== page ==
Players may have access to such pools when they are somehow in a position to influence the actions of the entity. A ship captain directly uses his ship's @ pool when running the ship, representing the collective will and skill of his crew. A rockstar will be able to tap into the @ pool of her audience, directing them towards a common goal, but that will be only when she is able to step into the spotlight.
This makes it easy to abstract any scale of conflict, the skirmish between border patrols and smugglers, the competition of two rival companies, or the global cold war between alliances of nations, into a single, even if elaborate narrative.
Death, or maybe not…
There's an interesting consequence of this system. Since death of a character is either the ultimate defeat or extremely hard to recover from in most settings, PC or NPC's would be willing to bid all their @ to avoid death. This makes killing people an expensive affair at best, since you would have to spend more @ than that character can muster(maybe including the extra @ his allies may contribute to save him). It also means that going on a killing spree would deplete your @ reserves rather quickly, leaving you defenseless against all kinds of attack and exploitation. Most of the time, it will be more effective to get your target to agree on a lesser form of defeat. He will be willing to top your @10000 bid to behead him as long as he has it, but he may agree to be disarmed by you instead of having to top your @100 bid.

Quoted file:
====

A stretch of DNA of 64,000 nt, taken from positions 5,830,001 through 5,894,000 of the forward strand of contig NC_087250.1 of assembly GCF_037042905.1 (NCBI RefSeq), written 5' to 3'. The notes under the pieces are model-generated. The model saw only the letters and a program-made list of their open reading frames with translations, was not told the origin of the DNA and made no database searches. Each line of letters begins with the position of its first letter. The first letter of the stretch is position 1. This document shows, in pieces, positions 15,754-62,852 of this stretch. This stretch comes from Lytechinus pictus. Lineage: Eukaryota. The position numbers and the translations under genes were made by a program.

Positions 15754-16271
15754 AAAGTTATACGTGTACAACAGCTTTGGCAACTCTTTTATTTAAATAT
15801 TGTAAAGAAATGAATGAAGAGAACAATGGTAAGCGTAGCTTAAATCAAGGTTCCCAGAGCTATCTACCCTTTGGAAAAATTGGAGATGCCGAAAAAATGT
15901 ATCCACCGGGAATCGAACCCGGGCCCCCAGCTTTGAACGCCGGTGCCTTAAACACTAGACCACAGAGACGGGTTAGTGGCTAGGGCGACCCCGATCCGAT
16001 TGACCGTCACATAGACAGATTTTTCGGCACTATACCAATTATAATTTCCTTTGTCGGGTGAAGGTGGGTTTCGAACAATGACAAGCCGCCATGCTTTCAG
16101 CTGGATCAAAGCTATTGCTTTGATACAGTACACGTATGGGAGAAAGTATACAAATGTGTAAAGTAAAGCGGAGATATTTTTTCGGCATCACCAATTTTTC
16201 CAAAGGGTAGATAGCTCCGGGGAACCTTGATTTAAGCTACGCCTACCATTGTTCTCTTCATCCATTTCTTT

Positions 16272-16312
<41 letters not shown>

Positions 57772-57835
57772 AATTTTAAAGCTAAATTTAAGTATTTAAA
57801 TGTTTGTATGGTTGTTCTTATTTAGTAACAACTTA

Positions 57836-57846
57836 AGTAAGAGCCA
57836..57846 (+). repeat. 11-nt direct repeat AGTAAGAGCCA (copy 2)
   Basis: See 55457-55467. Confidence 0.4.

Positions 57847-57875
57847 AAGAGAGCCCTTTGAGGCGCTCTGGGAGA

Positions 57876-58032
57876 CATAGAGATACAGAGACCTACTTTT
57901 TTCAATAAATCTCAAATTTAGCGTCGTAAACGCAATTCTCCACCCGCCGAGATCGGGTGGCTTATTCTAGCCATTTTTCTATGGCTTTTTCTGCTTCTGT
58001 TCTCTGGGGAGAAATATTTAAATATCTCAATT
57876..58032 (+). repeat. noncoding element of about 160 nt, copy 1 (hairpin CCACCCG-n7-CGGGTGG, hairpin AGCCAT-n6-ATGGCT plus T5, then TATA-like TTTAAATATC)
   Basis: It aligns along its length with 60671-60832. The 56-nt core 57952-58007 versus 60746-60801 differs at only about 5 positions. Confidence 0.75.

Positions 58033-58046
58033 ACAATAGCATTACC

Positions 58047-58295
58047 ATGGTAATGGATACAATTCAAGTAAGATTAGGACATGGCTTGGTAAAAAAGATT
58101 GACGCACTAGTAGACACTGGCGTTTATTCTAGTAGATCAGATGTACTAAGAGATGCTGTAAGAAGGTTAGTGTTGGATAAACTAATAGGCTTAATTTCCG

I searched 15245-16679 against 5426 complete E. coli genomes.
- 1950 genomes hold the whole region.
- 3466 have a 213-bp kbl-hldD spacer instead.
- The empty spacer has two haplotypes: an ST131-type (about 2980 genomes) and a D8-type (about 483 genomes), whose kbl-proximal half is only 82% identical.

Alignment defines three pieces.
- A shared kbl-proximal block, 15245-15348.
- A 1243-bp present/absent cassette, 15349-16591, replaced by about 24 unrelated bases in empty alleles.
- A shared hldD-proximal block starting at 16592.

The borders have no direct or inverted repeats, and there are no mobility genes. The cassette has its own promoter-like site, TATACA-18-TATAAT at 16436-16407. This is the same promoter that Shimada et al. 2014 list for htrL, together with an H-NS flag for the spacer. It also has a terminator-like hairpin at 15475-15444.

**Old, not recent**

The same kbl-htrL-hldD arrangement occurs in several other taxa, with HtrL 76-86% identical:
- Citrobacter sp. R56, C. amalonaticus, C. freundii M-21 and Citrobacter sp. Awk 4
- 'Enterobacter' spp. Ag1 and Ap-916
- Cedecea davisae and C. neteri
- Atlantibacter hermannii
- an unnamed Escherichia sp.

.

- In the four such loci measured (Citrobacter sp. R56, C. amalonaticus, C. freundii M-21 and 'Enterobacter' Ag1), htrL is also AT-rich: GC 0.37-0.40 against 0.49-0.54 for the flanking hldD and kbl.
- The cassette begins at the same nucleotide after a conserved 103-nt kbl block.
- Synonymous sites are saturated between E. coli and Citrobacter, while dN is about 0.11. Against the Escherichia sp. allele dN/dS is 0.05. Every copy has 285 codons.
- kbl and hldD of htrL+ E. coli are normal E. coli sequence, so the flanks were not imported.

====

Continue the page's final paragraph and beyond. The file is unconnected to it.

Just as awarding XP, the GM should award @ for advancing the story, solving problems, overcoming challenges, defeating foes, acting in-character and good roleplaying.
These rules are not required for this system to work, but can make it more interesting.